It revolves around reminding myself of my origins.  Materialism, with its high priests constantly incant that we are mere accidents of the “selfish gene” and the best we can do is accumulate wealth and power so as to better preserve our genetic progeny above the hordes of losers.

That is not what Jesus taught.  If I follow Jesus carefully and caringly I discover a power that transcends my will to power and is even able to transform my genetic selfishness.  It is called compassion.  The ability to feel with another and to live and act so as to bless the lives of those around me.  That transcendence and transformation is the fruit of recognizing  that I am not a lone survivor on a sea of chaos.  Rather, I am a child of a heavenly parent who heads a family in which every other being; human, animal, plant, and rock are my siblings and supporters. Sparrows and Lilies are my encouragement to celebrate our unity,to conserve our habitat, and to worry not about my individual survival, but rather about the blessing and benefit of the whole family.  It is an instant cure to neurotic nights of terror regarding my individual survival.

Jesus said it far better than I can, “Seek first the kingdom of God and his righteousness and all these things will be added unto you

Allow me to translate and contextually update:

Strive after God’s reign and God’s integrated life and everything you need will appear

It’s only way to power off your three a.m. panic printer. Zzzzt, Zzzzt, Zzzzt……zzzzzzzzzzzzz….. Sleep well!

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Author:

Fascinated by words, sounds, and scenes. Intrigued by people and their states of mind. I am a Pastoral Counsellor, Conflict Mediator and Newspaper Columnist.

13 thoughts on “Transcending our terrors – Epiphany 8A

    1. Hi Jen

      Thanks for visiting the Listening Hermit. Unfortunately I don’t know who painted the image. I got it off Google images. It resembles a wood painting I bought in 2009 at the shrine of St Thomas in Chennai in India. It is a very popular image there.
      Glad that it drew you.

      Peter

  1. This was an awesome reflection upon the scriptural text. I especially liked the idea that life is a sea of chaos and no matter how diligent we try to be, we will have moments of distraction where we find ourselves sinking. Your answer, however, is awesome. Learning to focus on the needs of others, overcoming this inherent propensity to selfishness by being conscious of more than my own needs, is a huge step in the right direction.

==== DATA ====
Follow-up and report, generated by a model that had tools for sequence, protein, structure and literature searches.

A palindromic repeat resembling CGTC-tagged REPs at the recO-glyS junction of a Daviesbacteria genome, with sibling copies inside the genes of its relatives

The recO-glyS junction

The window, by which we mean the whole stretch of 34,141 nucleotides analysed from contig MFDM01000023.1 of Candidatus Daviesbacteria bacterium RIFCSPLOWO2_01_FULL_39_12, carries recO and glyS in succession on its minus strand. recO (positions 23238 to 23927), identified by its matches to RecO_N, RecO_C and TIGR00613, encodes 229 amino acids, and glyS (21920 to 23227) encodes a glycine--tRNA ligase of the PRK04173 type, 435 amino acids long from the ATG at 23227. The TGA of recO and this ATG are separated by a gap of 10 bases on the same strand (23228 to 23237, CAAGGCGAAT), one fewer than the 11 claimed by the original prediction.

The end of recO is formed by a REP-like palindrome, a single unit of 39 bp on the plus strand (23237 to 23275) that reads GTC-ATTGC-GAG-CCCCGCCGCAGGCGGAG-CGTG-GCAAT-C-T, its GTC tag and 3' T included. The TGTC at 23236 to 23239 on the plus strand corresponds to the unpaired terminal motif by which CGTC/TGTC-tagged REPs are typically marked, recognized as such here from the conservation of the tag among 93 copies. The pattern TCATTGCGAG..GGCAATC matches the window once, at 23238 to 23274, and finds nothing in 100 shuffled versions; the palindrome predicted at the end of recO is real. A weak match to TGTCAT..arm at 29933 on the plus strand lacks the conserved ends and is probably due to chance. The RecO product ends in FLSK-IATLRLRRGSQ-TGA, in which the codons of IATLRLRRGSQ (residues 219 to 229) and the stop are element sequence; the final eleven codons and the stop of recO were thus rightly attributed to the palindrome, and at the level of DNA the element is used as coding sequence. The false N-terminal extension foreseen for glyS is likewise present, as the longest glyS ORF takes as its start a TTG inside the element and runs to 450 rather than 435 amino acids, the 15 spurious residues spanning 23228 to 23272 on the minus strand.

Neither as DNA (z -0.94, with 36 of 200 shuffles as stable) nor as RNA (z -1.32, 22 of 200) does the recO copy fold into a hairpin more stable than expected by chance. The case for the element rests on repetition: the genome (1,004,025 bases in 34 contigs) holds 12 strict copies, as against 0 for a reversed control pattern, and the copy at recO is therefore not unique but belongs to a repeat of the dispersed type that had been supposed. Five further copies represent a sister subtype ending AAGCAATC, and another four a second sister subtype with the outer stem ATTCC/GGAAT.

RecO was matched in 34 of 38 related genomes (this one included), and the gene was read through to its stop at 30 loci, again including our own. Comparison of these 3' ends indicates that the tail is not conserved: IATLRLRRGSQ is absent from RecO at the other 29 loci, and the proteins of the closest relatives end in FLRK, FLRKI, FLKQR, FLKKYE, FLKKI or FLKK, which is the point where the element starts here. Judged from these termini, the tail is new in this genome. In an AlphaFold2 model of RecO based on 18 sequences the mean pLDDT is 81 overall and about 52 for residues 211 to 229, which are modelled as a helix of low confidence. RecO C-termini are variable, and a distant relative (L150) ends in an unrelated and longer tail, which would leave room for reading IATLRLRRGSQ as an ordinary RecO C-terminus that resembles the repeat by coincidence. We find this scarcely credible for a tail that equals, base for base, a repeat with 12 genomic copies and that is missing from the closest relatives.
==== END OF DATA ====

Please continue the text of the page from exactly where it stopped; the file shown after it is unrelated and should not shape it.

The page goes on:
Thank you so much for this blog. It has touched my heart. I am glad that I’ve discovered you blog and I will certainly stop by often!

    blessings!

    1. Hi Christipher,

      Thanks for visiting the Listening Hermit and for your encouraging comments.
      All the best for navigating the sea of chaos!

      Peter Woods

    1. Hi Helen

      Thanks for visiting The Listening Hermit. I trust your life is unfolding without too much sinking?

      Blessings

      Peter

  2. Nice work – glad to find your site. Love Daniel Seigel’s “hand model” describing the limbic system and its relationship with the pre-frontal cortex. It really helps see how we’re hard wired to become distracted and anxious and afraid. It’s tough overcoming that – but the good news is: We Can!

    1. Hey Tim,

      Thanks for visiting The Listening Hermit and THANK YOU for referencing Daniel Seigel’s “hand model”. I totally enjoyed the YouTube clip and it has given me a very helpful angle to work in this field.
      Bless you
      Peter

  3. Thanks for your blog. I have enjoyed following it for several months.
    You have often inspired my sermon writing. Your “translation” and updating of Jesus’
    teaching put the frosting on the cake for me this week.
    Carin+

    1. Dear Carin
      Thank you for visiting The Listening Hermit and for browsing back several times.
      It is 6.14am here in Africa and in a couple of hours I will preach these ideas.
      Pray for me and thanks for the encouragement
      Peter